Please use this identifier to cite or link to this item: https://hdl.handle.net/2440/94796
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dc.contributor.authorPincus, J.en
dc.date.issued2013en
dc.identifier.citationAgenda, 2013; 20(2):89-101en
dc.identifier.issn1322-1833en
dc.identifier.issn1447-4735en
dc.identifier.urihttp://hdl.handle.net/2440/94796-
dc.description.abstractThe basic puzzle about the power to tax is how to limit the capacity of government to exploit taxpayers, while at the same time not overly hampering the government in going about its useful activities. Standard economics fondly believes that it is giving advice to benevolent despots as to how to collect a given target of tax revenue at the least possible harm to the size of the economic pie. The constitutional political economy approach of Geoff Brennan and Jim Buchanan showed that that very same advice is exactly what the non-benevolent government wants to hear in its efforts to maximise tax revenue. Brennan and Buchanan were concerned about excessive exploitation of taxpayers in the large; standard economics is concerned with second-order small triangles of economic inefficiency; government is concerned about the size of first-order revenue rectangles: and so should we be.en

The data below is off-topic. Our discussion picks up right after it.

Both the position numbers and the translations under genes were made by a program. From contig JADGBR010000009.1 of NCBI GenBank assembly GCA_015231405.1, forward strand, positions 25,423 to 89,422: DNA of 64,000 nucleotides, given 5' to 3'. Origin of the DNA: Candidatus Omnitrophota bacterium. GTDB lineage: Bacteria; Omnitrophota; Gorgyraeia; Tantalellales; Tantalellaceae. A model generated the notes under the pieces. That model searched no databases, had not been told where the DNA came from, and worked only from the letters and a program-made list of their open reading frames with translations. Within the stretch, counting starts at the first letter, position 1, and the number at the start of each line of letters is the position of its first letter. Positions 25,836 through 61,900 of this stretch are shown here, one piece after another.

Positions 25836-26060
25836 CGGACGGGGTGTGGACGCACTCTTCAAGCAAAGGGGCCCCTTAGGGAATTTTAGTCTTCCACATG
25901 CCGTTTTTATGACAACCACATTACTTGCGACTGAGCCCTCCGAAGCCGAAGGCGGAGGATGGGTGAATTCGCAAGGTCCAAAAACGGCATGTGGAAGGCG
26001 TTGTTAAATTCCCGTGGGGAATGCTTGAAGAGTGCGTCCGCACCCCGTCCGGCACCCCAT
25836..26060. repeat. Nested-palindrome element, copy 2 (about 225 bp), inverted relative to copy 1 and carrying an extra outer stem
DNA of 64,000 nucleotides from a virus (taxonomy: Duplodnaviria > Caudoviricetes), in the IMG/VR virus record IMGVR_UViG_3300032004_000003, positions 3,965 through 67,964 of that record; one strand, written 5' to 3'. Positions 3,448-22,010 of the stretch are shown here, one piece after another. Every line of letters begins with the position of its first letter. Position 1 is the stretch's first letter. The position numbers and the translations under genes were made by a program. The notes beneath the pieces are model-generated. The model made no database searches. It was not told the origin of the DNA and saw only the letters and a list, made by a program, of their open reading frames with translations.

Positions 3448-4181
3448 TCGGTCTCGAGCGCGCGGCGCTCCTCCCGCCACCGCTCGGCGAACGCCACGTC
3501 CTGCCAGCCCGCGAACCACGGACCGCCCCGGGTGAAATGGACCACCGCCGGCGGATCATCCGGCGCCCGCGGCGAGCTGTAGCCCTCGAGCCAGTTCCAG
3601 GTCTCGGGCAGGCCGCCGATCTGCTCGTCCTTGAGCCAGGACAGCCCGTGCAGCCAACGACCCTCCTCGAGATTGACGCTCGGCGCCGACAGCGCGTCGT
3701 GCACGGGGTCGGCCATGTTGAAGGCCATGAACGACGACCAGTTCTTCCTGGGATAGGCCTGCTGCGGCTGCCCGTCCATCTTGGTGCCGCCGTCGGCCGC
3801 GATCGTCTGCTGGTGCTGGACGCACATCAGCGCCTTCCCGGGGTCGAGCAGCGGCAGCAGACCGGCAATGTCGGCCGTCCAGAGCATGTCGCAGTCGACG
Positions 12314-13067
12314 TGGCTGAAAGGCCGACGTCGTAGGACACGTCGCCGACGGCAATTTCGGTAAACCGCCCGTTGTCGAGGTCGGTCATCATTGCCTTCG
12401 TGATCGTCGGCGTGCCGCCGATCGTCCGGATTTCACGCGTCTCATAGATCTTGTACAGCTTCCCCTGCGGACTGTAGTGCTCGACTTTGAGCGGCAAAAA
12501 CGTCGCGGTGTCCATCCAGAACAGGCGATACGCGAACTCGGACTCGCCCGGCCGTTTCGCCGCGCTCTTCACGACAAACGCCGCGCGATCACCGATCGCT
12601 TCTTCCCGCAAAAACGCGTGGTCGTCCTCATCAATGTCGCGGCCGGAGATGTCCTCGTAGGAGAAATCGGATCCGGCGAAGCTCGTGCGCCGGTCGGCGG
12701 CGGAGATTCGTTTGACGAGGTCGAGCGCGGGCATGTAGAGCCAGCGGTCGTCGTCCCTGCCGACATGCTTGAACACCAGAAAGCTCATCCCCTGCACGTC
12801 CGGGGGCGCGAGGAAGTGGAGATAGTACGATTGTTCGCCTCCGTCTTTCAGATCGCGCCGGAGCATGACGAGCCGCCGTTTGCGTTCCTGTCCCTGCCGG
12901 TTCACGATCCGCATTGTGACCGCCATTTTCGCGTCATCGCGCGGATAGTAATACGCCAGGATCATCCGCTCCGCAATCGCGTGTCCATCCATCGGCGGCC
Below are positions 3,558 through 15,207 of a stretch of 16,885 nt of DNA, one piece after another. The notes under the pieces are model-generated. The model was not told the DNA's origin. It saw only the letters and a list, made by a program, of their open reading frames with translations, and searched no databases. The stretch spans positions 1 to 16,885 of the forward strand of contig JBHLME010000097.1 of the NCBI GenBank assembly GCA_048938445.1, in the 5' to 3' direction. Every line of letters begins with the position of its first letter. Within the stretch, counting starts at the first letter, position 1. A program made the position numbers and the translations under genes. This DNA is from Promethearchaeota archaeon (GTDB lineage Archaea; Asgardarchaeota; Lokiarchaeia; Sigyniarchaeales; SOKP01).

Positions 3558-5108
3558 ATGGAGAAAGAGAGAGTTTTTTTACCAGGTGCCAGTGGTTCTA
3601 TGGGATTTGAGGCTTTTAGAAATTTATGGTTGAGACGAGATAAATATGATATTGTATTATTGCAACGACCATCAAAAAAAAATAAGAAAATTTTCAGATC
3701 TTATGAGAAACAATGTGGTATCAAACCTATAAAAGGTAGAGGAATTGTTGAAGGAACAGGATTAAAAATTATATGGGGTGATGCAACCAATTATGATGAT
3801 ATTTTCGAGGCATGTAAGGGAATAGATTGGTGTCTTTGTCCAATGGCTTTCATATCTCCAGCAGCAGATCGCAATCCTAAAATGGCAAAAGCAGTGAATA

dc.description.statementofresponsibilityJonathan Pincusen
dc.language.isoenen
dc.publisherAustralian National University, Department of Economicsen
dc.rightsCopyright of Agenda: A Journal of Policy Analysis & Reform is the property of Australian National University, College of Business & Economics and its content may not be copied or emailed to multiple sites or posted to a listserv without the copyright holder's express written permission. However, users may print, download, or email articles for individual use.en
dc.source.urihttp://press.anu.edu.au/wp-content/uploads/2013/12/the-power.pdfen
dc.titleThe power to tax, 33 years lateren
dc.typeJournal articleen
pubs.publication-statusPublisheden
Appears in Collections:Economics publications

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